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|Title:||Wounds of Surrendering: Constructing Life Beyond Addiction|
|Abstract:||In the United States, drug use permeates communities throughout the nation. This pervasive nature of drug use has endured despite decades of legislation regulating otherwise and has proved detrimental to the communities which it affects. Recovery programs exist to assist those impacted by drug use and addiction, whether it be for the user themselves or for those peripheral to drug use. These programs help form communal frameworks of care to address the violent consequences of drug use. Understanding how recovery programs develop these frameworks is imperative in order to implement effective rehabilitation infrastructure, but the anonymity intrinsic to these programs largely prevents this research. Through an autoethnographic approach, the study of Nar-Anon Family Groups, one illustration of support groups offering assistance to families and friends of people who use drugs, is conducted. This research demonstrates how spirituality and self-transformation, intrinsic components of these programs, effectively support and rehabilitate impacted communities.|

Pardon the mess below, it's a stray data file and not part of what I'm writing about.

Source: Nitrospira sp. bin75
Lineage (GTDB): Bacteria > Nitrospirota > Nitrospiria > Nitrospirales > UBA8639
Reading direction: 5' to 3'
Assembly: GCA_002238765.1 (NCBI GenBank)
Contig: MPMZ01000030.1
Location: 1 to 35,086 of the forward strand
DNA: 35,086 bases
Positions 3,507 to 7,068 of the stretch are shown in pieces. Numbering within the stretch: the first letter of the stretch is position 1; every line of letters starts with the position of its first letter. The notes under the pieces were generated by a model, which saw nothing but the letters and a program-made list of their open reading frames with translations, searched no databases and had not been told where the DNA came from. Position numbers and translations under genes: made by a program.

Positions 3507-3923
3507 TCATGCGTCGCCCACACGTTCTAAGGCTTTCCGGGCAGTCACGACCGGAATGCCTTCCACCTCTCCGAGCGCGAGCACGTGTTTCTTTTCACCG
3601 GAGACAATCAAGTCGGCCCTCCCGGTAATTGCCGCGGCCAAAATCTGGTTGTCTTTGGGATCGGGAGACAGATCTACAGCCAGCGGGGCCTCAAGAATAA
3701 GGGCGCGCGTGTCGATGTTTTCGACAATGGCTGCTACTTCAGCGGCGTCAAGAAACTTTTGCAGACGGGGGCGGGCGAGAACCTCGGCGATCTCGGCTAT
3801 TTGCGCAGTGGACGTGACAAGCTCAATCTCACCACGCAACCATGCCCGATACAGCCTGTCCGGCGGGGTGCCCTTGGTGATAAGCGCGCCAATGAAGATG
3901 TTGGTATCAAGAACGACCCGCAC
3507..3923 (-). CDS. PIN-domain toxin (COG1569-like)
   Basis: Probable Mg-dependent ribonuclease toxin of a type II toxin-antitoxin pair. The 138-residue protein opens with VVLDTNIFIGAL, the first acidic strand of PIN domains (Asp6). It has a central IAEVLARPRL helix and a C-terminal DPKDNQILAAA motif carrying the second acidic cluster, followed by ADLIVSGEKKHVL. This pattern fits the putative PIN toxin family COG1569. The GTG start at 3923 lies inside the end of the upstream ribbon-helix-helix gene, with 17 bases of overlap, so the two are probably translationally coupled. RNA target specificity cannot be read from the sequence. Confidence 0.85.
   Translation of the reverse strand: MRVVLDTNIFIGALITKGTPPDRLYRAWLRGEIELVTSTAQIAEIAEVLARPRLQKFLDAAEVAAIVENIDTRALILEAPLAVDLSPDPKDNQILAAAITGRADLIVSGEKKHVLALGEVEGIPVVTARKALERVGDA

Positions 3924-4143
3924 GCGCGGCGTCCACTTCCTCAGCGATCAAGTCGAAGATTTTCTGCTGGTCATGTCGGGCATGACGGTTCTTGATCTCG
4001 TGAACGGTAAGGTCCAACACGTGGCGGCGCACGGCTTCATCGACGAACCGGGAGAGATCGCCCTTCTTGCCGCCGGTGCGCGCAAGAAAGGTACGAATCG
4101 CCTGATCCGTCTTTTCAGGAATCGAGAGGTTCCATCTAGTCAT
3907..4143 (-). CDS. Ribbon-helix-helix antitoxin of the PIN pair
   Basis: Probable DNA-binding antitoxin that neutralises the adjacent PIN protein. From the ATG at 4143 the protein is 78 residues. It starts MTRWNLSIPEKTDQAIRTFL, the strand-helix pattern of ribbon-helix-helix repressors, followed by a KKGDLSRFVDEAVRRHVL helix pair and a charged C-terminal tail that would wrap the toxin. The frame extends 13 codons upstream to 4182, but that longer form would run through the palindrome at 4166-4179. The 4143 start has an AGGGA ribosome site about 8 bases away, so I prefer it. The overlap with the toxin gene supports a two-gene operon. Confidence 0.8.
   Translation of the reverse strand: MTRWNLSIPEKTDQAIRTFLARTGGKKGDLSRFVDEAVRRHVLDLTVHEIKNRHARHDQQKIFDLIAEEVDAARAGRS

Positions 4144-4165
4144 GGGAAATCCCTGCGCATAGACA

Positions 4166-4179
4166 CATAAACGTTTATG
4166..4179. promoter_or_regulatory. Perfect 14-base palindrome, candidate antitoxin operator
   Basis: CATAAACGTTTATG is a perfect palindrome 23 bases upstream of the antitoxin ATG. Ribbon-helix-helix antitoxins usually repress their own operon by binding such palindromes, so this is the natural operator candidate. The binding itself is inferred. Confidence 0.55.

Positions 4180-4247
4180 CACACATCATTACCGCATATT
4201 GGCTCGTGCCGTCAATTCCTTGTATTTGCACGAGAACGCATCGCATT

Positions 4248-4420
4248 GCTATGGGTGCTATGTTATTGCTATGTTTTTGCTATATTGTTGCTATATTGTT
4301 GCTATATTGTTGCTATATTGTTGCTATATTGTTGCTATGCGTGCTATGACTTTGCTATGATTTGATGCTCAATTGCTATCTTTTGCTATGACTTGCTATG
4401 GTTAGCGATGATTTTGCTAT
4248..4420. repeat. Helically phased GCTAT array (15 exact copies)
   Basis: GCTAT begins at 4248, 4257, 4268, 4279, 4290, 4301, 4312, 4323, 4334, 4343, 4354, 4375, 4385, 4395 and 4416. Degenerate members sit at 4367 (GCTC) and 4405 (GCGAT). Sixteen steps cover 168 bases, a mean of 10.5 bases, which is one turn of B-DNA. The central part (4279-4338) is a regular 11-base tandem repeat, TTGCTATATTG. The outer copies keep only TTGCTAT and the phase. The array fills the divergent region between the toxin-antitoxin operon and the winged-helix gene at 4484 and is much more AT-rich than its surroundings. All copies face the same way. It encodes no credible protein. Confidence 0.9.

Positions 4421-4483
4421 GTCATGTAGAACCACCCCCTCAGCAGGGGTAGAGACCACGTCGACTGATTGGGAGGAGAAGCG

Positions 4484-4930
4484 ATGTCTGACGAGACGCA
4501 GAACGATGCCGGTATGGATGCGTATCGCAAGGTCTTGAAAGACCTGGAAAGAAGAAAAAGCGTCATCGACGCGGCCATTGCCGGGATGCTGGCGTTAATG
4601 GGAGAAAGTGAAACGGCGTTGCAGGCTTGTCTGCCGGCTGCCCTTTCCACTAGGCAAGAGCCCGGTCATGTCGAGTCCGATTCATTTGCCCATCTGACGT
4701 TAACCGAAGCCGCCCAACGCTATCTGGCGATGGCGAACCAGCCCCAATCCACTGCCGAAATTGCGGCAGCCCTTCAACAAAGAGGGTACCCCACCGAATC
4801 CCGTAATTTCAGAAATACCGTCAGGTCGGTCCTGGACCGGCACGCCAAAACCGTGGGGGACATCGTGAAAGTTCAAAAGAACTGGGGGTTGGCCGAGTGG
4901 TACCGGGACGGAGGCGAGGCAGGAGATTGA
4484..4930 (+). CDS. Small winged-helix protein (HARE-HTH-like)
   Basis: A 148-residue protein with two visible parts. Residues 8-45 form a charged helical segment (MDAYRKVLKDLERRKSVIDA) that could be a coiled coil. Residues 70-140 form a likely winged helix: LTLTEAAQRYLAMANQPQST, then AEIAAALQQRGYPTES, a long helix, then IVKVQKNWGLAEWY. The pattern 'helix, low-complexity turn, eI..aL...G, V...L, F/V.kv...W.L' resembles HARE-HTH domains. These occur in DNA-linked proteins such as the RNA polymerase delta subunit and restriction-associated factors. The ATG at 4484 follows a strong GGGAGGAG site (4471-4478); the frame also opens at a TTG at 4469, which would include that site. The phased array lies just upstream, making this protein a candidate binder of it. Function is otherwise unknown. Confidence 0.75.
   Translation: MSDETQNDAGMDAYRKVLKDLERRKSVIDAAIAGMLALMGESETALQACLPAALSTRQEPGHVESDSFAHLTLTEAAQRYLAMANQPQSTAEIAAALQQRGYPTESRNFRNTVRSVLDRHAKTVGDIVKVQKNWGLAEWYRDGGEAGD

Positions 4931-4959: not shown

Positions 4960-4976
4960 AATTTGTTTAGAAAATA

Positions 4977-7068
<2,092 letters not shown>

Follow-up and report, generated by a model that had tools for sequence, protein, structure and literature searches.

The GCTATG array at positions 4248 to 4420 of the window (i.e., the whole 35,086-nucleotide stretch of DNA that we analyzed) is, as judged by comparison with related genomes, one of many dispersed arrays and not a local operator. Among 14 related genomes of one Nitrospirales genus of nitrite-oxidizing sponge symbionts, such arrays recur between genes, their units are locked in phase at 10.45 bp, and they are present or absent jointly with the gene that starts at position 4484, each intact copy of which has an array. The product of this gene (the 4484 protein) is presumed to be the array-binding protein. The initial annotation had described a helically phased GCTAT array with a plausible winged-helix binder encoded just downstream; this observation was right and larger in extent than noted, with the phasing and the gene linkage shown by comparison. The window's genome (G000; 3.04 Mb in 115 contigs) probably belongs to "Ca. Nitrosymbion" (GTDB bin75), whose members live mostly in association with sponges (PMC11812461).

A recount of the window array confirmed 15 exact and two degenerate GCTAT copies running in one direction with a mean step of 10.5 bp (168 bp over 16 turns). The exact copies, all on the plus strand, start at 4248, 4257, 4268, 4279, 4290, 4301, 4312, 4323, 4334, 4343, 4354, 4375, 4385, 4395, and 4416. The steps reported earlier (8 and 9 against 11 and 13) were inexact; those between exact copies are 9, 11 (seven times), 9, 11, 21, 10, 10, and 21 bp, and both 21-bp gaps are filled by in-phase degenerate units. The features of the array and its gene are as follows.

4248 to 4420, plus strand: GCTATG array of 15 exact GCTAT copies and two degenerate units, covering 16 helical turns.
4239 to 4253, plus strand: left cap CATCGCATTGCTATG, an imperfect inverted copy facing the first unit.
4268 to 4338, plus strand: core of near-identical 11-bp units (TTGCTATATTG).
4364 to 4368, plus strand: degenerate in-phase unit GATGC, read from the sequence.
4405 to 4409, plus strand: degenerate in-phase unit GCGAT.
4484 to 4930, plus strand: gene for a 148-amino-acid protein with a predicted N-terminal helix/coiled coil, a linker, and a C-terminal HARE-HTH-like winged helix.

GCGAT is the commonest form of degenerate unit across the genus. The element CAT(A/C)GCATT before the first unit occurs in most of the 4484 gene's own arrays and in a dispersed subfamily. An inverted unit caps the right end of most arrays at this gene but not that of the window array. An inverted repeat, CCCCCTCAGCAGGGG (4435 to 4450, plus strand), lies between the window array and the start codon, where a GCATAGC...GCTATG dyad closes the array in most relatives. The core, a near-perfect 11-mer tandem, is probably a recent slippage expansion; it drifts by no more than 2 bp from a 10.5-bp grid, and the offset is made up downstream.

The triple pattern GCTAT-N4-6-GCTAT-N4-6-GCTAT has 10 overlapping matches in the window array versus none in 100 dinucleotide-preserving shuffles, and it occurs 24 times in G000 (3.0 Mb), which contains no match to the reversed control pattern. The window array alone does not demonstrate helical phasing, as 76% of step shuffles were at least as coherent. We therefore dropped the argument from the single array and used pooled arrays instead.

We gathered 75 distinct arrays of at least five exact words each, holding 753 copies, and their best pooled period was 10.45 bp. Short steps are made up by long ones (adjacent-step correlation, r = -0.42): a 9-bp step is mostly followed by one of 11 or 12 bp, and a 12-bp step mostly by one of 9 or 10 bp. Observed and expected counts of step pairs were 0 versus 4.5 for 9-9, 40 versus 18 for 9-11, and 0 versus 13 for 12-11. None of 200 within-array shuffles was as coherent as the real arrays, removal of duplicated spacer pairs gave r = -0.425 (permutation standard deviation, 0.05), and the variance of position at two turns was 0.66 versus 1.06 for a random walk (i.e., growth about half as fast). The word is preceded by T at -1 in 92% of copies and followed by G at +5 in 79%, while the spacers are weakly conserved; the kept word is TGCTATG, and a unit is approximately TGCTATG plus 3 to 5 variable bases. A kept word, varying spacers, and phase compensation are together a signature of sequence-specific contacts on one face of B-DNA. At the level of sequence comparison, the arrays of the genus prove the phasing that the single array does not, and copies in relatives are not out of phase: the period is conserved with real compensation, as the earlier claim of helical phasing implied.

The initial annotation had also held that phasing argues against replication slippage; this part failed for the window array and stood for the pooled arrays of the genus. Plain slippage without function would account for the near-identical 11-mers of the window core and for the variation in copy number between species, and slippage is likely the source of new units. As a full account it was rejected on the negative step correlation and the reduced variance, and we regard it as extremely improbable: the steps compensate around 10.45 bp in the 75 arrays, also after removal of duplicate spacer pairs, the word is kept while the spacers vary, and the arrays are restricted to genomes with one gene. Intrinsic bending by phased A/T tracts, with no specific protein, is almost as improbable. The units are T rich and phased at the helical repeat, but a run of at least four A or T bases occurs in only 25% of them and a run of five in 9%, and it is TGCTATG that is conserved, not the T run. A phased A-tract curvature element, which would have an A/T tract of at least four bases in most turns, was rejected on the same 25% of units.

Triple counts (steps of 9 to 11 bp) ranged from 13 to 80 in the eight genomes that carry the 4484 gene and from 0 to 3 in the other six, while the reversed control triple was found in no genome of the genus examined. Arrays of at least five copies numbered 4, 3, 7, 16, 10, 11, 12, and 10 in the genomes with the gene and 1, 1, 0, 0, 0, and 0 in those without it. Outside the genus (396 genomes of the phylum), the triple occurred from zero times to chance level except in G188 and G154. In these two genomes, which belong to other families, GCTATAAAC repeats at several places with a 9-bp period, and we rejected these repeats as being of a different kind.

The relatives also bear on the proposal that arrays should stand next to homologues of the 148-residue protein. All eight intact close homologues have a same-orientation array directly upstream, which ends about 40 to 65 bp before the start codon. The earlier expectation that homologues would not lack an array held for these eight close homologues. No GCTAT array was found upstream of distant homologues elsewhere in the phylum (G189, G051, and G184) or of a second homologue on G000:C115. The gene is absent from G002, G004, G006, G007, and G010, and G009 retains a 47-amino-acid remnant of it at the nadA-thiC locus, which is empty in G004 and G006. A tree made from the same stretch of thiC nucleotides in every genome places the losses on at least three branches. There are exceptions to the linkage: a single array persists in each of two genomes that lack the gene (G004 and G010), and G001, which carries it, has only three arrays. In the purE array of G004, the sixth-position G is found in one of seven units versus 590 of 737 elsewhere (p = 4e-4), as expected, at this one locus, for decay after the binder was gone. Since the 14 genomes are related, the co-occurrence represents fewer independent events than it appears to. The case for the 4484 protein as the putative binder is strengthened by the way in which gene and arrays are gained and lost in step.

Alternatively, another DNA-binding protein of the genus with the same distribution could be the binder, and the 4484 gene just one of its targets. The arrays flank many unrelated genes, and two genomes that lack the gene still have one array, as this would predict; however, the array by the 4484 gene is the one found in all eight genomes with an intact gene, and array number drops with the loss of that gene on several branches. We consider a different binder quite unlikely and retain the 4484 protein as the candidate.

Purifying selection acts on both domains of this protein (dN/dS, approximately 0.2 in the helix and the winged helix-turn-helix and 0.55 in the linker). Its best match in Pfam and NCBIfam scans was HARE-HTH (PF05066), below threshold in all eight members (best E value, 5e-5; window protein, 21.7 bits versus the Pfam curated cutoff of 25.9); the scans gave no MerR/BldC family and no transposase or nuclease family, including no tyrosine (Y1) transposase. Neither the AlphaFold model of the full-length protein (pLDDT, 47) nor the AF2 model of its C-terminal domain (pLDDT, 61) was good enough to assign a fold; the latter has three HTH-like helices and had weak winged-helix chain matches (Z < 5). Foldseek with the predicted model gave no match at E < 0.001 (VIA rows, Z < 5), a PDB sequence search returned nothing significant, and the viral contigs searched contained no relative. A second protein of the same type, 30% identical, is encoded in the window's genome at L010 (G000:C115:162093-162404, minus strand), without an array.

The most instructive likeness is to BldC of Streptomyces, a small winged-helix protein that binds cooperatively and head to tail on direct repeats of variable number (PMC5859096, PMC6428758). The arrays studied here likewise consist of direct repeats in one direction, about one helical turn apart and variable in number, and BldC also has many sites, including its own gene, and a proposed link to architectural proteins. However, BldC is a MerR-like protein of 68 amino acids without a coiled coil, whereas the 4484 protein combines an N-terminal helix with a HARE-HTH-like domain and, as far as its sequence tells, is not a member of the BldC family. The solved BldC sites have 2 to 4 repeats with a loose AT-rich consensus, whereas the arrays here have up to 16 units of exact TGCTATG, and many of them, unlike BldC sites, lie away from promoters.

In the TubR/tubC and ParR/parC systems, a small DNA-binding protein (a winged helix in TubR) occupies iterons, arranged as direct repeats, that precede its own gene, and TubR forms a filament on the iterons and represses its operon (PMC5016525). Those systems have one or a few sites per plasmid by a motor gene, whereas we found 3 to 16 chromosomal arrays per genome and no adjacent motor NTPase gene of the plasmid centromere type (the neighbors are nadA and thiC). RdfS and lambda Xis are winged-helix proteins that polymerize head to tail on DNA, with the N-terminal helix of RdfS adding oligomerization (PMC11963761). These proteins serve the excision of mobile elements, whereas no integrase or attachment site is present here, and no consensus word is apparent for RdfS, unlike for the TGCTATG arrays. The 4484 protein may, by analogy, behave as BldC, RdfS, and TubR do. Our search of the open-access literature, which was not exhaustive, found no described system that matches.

|Type of Material:||Princeton University Senior Theses|
|Appears in Collections:||Anthropology, 1961-2020|
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